COVID-19 and Pets: Should I Go to the Vet or Wait? What’s the Protocol?

Updated Apr. 27, 2020
Dr. Katy Nelson

By Dr. Katy Nelson, DVM

It’s a scary time right now, and everyone is adjusting to a new normal. During this time of social distancing, we should all be trying to do our part to “flatten the curve” of COVID-19. This means staying home, eating in, and reducing unnecessary contact with others. 

While our pets are probably loving this extra cuddle time with us, what do you do if they need to go to the veterinarian? 

Many veterinary hospitals are recommending to only come in if your pet is ill, and to postpone any routine visits until a safer time. Some are using telemedicine, where you can connect with your vet through video chat for minor issues or scheduled follow-ups.

This guide will help you determine whether you need to take your pet to the vet now vs. waiting, what to expect, how to prepare, and what to do if your vet is closed.

Should You Take Your Pet to the Vet Now?

With the new practice of social distancing, how do you know if you should bring your pet to your veterinarian today, or if it’s something that can wait?

Here are some helpful tips to ensure you are taking the best possible care of your pet while minimizing the risk to expose you and your pet to COVID-19:

Go to an emergency veterinarian immediately if your pet:

  • Ingested a toxin: human medications, chocolate, xylitol (artificial sweetener), antifreeze, rat poison, raisins, etc. Call poison control immediately at 888-426-4435.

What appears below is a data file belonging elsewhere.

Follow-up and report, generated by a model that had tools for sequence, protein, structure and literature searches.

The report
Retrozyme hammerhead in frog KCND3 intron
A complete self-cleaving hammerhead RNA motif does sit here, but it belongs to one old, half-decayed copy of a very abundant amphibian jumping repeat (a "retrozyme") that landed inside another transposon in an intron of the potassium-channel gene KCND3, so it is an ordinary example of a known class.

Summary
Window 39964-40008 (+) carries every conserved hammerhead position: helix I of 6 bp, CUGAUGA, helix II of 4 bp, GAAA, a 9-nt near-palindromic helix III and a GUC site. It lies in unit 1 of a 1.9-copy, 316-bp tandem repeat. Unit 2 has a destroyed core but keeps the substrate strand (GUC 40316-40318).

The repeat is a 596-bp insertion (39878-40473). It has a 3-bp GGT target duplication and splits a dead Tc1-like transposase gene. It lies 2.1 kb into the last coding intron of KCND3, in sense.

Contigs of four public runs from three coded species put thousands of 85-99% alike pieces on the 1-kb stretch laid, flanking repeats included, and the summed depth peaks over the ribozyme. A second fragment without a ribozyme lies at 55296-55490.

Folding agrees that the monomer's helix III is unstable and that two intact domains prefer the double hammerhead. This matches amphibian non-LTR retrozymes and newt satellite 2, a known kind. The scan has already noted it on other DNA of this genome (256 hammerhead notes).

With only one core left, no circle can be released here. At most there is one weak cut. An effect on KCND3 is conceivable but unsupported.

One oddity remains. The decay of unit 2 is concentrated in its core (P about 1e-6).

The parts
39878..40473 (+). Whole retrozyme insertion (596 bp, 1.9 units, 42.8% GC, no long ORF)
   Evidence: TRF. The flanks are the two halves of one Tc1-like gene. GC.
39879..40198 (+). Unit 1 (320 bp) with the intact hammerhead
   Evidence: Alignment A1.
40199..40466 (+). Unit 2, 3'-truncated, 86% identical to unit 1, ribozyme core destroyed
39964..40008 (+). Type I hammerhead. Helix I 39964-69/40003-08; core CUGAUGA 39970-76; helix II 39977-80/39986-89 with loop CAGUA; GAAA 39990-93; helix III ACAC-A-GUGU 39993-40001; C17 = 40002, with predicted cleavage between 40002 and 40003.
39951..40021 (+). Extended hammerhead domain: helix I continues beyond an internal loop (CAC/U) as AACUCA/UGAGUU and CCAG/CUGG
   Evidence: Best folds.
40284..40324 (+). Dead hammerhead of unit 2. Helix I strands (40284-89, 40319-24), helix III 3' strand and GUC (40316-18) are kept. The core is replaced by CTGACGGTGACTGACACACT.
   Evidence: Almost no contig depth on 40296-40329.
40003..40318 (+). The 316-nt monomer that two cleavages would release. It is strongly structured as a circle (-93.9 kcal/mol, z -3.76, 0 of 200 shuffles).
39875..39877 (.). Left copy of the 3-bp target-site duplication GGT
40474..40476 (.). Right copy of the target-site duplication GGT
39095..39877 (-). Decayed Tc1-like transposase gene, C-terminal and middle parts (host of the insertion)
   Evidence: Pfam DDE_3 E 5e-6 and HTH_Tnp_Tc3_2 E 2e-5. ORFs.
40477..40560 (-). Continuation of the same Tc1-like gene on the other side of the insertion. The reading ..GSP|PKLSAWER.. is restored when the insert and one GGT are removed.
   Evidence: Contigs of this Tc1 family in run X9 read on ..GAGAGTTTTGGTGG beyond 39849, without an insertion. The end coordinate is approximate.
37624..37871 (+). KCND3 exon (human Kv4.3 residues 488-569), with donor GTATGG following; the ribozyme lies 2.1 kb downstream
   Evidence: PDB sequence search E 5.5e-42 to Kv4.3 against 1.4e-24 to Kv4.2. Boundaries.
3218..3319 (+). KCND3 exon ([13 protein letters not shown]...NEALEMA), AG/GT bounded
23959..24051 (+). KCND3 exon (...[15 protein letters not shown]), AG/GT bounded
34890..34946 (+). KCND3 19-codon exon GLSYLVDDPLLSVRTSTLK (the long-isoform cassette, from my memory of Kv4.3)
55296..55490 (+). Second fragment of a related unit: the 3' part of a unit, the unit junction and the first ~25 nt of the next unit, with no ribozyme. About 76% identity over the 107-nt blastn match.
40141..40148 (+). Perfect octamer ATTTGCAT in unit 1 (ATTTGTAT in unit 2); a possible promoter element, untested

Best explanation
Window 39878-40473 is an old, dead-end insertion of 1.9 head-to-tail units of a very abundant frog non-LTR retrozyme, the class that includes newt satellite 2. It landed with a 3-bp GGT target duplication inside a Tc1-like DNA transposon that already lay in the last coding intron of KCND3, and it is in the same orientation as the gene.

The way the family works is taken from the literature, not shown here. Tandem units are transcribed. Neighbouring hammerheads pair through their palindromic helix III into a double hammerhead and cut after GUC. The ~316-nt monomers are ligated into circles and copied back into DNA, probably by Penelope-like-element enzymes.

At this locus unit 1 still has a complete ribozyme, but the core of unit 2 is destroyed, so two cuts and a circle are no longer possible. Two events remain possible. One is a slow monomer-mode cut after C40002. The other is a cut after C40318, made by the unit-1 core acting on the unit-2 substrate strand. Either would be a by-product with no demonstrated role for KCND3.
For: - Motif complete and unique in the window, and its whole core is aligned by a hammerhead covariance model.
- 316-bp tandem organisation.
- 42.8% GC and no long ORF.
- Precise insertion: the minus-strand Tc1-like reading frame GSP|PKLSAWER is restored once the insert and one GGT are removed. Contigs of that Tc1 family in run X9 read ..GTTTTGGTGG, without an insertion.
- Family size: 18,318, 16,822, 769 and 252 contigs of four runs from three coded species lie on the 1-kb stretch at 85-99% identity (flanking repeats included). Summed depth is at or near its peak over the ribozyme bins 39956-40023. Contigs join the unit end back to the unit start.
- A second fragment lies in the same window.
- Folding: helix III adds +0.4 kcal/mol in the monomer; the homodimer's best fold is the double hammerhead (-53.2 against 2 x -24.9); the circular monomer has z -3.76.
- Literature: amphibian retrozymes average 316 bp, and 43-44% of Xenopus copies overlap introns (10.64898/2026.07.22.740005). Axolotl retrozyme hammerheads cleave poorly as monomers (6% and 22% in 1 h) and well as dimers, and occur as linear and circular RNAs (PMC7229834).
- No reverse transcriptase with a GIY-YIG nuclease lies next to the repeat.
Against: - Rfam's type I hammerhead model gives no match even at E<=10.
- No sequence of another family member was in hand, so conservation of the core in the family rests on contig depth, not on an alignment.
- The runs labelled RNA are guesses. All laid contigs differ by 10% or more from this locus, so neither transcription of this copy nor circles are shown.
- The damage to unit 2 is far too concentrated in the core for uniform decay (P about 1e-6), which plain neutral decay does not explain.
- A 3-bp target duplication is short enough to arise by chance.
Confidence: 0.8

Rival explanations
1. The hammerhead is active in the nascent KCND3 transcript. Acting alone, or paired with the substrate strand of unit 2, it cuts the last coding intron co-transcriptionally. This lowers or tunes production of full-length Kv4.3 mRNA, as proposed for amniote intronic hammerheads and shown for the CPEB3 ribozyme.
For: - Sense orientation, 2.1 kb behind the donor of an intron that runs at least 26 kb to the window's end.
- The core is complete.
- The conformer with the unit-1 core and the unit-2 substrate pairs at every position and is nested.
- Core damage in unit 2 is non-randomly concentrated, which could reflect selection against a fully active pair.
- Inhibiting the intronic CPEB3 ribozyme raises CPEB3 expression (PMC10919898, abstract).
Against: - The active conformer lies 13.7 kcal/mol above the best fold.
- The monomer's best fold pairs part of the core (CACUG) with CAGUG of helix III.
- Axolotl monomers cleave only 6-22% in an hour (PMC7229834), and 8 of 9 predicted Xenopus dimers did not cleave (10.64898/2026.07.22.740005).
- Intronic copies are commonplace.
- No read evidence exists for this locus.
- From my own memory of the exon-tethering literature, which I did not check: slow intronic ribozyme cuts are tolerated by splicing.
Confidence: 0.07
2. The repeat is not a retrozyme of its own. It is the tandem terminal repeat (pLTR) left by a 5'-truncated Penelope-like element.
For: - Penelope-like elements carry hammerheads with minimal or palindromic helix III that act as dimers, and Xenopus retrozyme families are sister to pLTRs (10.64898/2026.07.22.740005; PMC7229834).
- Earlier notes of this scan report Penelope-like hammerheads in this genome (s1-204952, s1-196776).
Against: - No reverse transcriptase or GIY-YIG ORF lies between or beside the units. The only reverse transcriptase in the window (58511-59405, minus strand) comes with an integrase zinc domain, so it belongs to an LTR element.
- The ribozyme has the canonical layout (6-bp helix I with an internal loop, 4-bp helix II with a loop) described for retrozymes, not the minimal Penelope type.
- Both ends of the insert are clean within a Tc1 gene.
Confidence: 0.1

• Has an open wound  

  • Has a history of trauma

  • Is showing signs of pain

  • Is having difficulty breathing 

  • Suddenly shows signs of lameness or weakness

  • Is having difficulty urinating (especially cats)

  • Has prolonged vomiting and diarrhea (especially if blood is seen), or any severe distention of the abdomen

  • Shows neurologic signs such as seizures, tremors, stumbling, circling, being disoriented

  • Has an abnormal appearance or behavior, such as pale gums, bruising of the body, bulging eyes, squinting eyes, holding head to one side

  • Has facial swelling or hives

  • (Your cat) has not eaten in more than one day or is looking yellowish (icterus

Call your veterinarian about coming in if your pet:

  • Has vomited once or twice in 24 hours 

  • Has had diarrhea for less than 24 hours but is acting normally

  • Is coughing without signs of labored breathing

  • Is sneezing and has watery eyes

  • Has not eaten for less than 24 hours

  • Is itching or shaking ears

Schedule an appointment later if your pet:

  • Needs annual exams or routine bloodwork

  • Has new lumps or bumps without showing signs of discomfort

  • Has a torn toenail that is not bleeding or causing discomfort

  • Has worms in their stool and/or visible fleas or ticks without having diarrhea or discomfort. In this case, call your veterinarian to ask for a prescription for a dewormer and flea and tick products. 

What Do I Do If My Vet Is Closed?

Veterinary services have been deemed “essential” by the federal government, but this does not mean that they are required to stay open. 

The essential designation means that veterinary hospitals are not ordered to close as many other businesses have been. If your local hospital is unable to establish protocols that allow them to practice safely, they may choose to close. 

If your veterinarian has decided to close their office:

  1. Call to see if there is a recorded message with the number of another vet you can call, and also check the vet’s website for this information.

  2. Send them an email asking for a referral for another vet. It’s likely that they will still have someone answering emails from clients. 

  3. If you are unable to reach them, call your local emergency veterinary facility, describe your concerns about your pet, and ask if they recommend for him to be seen. 

What Do I Do if I Am Sick?